Excessive Love: Exploring Immanence as the Conceptual Condition for Reading Hadwijch of Brabant – Introduction

It is unexceptional to comment that mystical accounts in the medieval period produced something of significant difference to established or at least majority expressions of faith or theology. While preserved and revered by some, these expressions were often met with derision (if not persecution).1  This sort of reaction can be said generally of the movement but also specifically of the notable rise in accounts by women.2 While scholarship has moved some way past the easy modern dismissal of all things medieval there remains significant opportunity around the extent to which we can think or conceptualize the accounts of medieval woman mystics.3

The purpose of these posts is to articulate a conceptual framework for reading and understanding the conditions of thought in the works of Hadewijch of Brabant. Hadewijch was a 13th century Dutch beguine whose work is characterized by an extreme (perhaps exhaustive) notion of Love as that which informs and pervades all of life. While increased attention has been given to Hadewijch in recent times her work has not been brought into conversation with the concepts of Gilles Deleuze. It is particular elements of Deleuze’s thoughts on immanence that I will employ for reading Hadewijch.

It is beyond the scope of this paper to navigate the debates of how Deleuze is understood and deployed. Further, I am not interested in demonstrating an accurate reading of Deleuze as such or in total. Rather, I intend to direct my engagement primarily through the recent work and focus of Daniel Colucciello Barber and Eugene Thacker.4 While there has been some recent work published on the intersection of Deleuze and medievalism in general5 (as well as some engagement with mysticism specifically)6 I have come across no work that has considered the relationship between Deleuzian immanence and Hadewijch in particular or female mystics more generally.

I will continue these post by first orientating the question of immanence as it emerged in the medieval period and then how it was taken up and developed in the work of Deleuze. I will then highlight some of the elements that demonstrate how immanence can be understood in contrast to transcendence. After outlining a conceptual paradigm of immanence I will then engage the extent works of Hadewijch making notes on how her discourse relates to some of the key elements of immanence. I am not interested in suggesting or defending a position situating Hadewijch as a cause or practitioner of immanence. My interest is more basic in expanding the conceptual tools for engaging religious texts and thought and the extent to which Hadewich’s work resonates with such a framework. The bulk of this series consists of orienting the reader to the concept of immanence as it relates to the western medieval tradition and my engagement with Hadewijch should be considered an exploration with a more extensive treatment laying beyond the scope of the present work.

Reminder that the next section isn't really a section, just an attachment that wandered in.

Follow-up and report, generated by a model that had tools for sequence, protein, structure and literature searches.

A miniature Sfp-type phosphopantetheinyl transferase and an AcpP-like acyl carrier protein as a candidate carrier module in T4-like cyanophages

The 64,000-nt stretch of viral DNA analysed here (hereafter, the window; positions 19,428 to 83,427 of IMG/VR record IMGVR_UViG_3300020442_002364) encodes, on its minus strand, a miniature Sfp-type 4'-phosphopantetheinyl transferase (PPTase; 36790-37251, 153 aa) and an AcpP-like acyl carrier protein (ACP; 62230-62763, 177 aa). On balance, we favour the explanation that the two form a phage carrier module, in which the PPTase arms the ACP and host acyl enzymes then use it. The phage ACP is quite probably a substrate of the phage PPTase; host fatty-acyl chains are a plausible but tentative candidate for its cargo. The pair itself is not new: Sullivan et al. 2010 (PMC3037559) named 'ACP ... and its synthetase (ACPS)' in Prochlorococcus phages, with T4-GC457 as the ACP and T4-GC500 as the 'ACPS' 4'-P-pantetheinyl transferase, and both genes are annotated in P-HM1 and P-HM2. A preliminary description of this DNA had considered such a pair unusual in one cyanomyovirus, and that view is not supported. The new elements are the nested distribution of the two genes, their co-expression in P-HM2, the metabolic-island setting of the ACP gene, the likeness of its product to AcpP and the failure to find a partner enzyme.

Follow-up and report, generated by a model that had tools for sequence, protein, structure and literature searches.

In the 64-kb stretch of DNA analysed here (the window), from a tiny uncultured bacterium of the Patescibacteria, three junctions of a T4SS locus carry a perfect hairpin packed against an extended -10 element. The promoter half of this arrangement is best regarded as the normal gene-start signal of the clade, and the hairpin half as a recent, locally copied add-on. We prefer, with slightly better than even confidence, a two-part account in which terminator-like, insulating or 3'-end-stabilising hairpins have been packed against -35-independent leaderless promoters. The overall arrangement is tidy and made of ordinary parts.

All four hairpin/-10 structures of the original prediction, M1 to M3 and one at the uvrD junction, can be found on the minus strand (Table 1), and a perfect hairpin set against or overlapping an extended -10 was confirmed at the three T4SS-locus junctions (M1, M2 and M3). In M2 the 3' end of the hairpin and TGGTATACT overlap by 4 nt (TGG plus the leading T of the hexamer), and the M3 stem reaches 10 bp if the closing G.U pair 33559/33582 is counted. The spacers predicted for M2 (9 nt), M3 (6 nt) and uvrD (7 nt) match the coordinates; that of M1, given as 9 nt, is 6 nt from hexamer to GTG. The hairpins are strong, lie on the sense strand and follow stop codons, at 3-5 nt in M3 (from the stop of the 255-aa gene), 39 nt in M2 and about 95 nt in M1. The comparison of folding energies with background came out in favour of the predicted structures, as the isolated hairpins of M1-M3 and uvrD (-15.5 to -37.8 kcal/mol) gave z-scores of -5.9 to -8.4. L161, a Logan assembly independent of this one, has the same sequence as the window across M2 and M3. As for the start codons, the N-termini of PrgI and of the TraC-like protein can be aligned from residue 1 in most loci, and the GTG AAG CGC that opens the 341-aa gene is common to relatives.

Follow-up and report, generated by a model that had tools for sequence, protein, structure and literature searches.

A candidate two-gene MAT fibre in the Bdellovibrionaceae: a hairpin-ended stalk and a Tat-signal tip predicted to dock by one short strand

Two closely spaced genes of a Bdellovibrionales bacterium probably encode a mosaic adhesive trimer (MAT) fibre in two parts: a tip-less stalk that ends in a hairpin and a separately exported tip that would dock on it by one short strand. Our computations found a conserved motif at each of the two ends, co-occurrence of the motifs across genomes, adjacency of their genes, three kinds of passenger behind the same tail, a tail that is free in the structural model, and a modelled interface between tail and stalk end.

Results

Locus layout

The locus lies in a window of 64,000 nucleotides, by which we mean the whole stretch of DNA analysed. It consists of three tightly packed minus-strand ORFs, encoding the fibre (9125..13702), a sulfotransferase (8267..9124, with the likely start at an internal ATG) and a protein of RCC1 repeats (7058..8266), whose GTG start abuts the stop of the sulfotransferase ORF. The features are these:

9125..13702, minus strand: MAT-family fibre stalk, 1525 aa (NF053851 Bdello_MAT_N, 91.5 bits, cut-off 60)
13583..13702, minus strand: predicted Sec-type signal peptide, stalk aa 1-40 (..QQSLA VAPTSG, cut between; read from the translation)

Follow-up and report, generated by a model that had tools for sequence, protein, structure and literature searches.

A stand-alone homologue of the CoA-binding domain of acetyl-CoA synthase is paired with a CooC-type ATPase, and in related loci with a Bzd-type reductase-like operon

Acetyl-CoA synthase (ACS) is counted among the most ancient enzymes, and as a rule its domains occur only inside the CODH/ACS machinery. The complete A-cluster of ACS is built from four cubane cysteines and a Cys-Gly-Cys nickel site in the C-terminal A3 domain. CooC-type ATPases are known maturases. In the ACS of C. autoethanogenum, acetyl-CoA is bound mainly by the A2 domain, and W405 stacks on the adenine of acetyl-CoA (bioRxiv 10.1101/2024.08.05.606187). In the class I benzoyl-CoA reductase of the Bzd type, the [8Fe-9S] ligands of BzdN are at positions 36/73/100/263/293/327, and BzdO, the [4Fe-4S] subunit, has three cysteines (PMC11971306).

[1] Already by the 16th century Michael de Certeau notes a sustained attack on these accounts calling them ‘gibberish,’ full of ‘strange absurdities,’ The Mystic Fable, trans. Michael B. Smith (Chicago: The University of Chicago Press, 1992), 108-09.

[2] Luce Irigaray notes that the extent to which men enter this ‘madness’ it is by following ‘her’ lead. See Luce Irigaray Speculum of the Other Woman, trans. Gillian C. Gill (New York: Cornell University Press, 1985), 191.

[3] For a recent account of scholarship and conceptual approaches to religious medieval texts by women see Patricia Daily, Promised Bodies: Time, Language, and Corporeality in Medieval Women’s Mystical Texts (New York: Columbia University Press, 2013), 2-5.

[4] See Daniel Colucciello Barber, On Diaspora: Christianity, Religion, and Secularity (Eugene, OR: Wipf & Stock, 2011) and Deleuze and the Naming of God: Post-secularism and the Future of Immanence (Edinburgh: Edinburgh UP, 2014). Eugene Thacker, After Life (Chicago: The University of Chicago Press, 2010).

[5] See Peter Hallward, “‘Everything is Real’: Deleuze and Creative Univocity,” New Formations 49 (2003): 61-74 and Daniel W. Smith, “The Doctrine of Univocity: Deleuze’s Ontology of Immanence,” Deleuze and Religion, ed. Mary Bryden (New York: Routledge, 2001).

[6] See Patrice Haynes, “Immanence, Transcendence and Thinking Life with Deleuze and Eckhart,” Medieval Mystical Theology 22.1 (2013): 5-26 and Eugene Thacker, “Wayless abyss: Mysticism, mediation and divine nothingness,” postmedieval: a journal of medieval cultural studies 3.1 (2012): 80-96.

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